These days most pilgrims arrive in Chartres by train, car or bicycle, but even in secular, post-modern Europe there are those who still make the journey on foot. No matter what their mode of travel, pilgrims look eagerly toward the horizon waiting for the grey profile of the cathedral to rise above the grain. For those traveling in groups, there is often a spire-spotting contest. When we were traveling by rented car on our last visit to Chartres, our daughter Anne won a coin for being first to spot those two arrow-sharp towers.

Approaching Chartres through the wide plain of surrounding fields, the hill on which the town and cathedral are built gradually reveals itself. From every vantage point, the cathedral dominates the view, its two great towers rising heavenward from the heart of the town. The cathedral’s spires have a magnetic strength, compelling the pilgrim to make no other stop before reaching the church and entering the western doors — the Royal Portal — that stand between the towers.

Stepping inside the church, the pilgrim stands within in an immense enclosure that seems to be an entrance point to the kingdom of God. The immense, softly-lit, column-lined space is a domain in which ordinary time hardly exists and doesn’t matter. One’s first impression is of a tremendous silence, even among whispered conversations or a softly chanted Mass. The 176 windows — among the best preserved medieval glass the world possesses — are a Bible written in fragments of colored glass. Red and blue are the most dominant: the colors of ice and fire. Others play supporting roles: deep forest green, pale lilac, lemon yellow; all enhanced by ebony lines glazed to the glass to provide image details and the black tracery of lead connecting the pieces.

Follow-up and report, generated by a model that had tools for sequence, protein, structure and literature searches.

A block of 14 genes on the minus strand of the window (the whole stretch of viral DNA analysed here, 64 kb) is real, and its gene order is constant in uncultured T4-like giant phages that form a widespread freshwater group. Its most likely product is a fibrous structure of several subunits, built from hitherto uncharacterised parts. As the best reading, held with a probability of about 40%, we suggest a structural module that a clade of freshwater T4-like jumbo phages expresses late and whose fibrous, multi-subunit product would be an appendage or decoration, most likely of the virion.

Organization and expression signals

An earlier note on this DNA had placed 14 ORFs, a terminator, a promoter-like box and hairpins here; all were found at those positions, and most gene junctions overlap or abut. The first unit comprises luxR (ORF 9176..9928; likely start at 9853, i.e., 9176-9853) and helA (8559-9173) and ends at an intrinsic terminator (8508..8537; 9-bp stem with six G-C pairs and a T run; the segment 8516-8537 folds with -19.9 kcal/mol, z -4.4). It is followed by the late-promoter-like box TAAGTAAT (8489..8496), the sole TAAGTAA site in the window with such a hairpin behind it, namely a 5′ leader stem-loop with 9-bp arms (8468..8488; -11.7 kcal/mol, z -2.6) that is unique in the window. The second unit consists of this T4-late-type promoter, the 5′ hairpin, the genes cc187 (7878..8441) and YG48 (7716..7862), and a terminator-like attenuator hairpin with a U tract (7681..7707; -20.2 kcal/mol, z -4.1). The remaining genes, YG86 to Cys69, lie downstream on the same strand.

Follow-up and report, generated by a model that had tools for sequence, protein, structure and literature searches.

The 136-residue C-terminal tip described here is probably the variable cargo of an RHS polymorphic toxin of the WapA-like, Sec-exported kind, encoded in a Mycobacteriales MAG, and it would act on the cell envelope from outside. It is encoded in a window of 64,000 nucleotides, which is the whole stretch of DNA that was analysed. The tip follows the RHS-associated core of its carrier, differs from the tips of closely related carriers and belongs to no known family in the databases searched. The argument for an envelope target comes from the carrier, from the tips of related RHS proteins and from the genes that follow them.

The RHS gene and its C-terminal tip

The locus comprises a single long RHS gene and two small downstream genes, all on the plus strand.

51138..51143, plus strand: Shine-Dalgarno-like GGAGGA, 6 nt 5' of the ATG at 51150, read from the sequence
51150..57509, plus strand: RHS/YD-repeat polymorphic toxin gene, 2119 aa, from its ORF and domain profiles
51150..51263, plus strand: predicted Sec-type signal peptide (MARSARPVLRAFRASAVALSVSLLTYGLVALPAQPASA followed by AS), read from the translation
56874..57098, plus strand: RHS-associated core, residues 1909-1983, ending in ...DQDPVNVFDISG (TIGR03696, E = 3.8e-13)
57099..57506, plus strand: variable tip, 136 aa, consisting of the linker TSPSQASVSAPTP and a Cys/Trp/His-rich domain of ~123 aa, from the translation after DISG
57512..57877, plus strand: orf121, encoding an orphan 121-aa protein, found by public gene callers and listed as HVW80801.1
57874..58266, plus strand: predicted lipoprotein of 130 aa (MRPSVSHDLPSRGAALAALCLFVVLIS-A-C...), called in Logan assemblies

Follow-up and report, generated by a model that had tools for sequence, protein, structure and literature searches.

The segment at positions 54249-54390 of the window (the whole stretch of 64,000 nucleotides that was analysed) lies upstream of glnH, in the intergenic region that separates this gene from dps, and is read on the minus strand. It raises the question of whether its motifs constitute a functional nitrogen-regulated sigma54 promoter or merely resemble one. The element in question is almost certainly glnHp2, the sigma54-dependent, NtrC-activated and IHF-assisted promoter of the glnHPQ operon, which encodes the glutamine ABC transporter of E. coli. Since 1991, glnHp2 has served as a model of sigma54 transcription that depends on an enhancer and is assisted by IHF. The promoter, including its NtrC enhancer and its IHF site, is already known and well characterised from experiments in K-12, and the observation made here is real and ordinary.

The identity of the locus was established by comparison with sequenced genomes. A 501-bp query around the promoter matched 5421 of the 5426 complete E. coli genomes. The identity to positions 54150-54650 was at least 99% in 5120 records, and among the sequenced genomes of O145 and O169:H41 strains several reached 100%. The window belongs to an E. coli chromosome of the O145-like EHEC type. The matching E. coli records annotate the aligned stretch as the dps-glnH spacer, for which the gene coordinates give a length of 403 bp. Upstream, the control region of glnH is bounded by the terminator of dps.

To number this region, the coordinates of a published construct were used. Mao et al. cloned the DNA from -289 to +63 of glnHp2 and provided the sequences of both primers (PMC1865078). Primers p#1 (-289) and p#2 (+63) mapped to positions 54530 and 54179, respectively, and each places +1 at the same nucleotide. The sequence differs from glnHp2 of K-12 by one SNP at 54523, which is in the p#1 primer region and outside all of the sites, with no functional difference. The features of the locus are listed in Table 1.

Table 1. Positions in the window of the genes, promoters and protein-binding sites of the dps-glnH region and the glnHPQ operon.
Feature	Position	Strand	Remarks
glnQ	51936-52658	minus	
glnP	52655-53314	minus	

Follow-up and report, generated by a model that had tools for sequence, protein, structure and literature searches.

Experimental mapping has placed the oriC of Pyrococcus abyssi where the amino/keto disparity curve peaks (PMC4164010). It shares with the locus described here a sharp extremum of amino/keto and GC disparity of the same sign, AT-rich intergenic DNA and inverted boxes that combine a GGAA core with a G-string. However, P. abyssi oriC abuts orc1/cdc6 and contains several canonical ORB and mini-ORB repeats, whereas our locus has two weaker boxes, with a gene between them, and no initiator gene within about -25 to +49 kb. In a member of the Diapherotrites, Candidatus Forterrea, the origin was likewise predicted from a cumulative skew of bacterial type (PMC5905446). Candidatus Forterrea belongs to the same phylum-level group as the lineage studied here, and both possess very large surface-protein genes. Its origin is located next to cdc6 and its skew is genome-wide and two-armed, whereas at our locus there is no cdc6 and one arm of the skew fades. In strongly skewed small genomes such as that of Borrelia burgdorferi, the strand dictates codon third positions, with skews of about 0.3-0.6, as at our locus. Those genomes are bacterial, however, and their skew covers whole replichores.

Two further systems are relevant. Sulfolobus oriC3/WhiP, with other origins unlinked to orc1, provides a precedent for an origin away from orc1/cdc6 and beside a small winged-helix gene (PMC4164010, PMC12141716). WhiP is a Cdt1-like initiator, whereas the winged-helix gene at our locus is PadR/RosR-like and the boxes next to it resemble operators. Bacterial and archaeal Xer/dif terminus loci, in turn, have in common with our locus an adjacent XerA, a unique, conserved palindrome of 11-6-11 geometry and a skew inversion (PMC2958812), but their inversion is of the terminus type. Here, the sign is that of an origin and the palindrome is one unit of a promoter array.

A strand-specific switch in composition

Those who are drawn to Chartres, whether they see themselves as pilgrims or simply as tourists, often spend many hours “reading” the windows panel by panel and derive the satisfaction of breaking a code as they work out the meaning of each. Camping of the edge of town as our family did during our last visit to Chartres, we stopped one morning at a local camera shop to buy a pair of binoculars, eager to get closer to the glass. We wondered if our ancestors, who read less or not at all, might not have had better eyes for distance vision and thus found it easier to decipher the glasswork.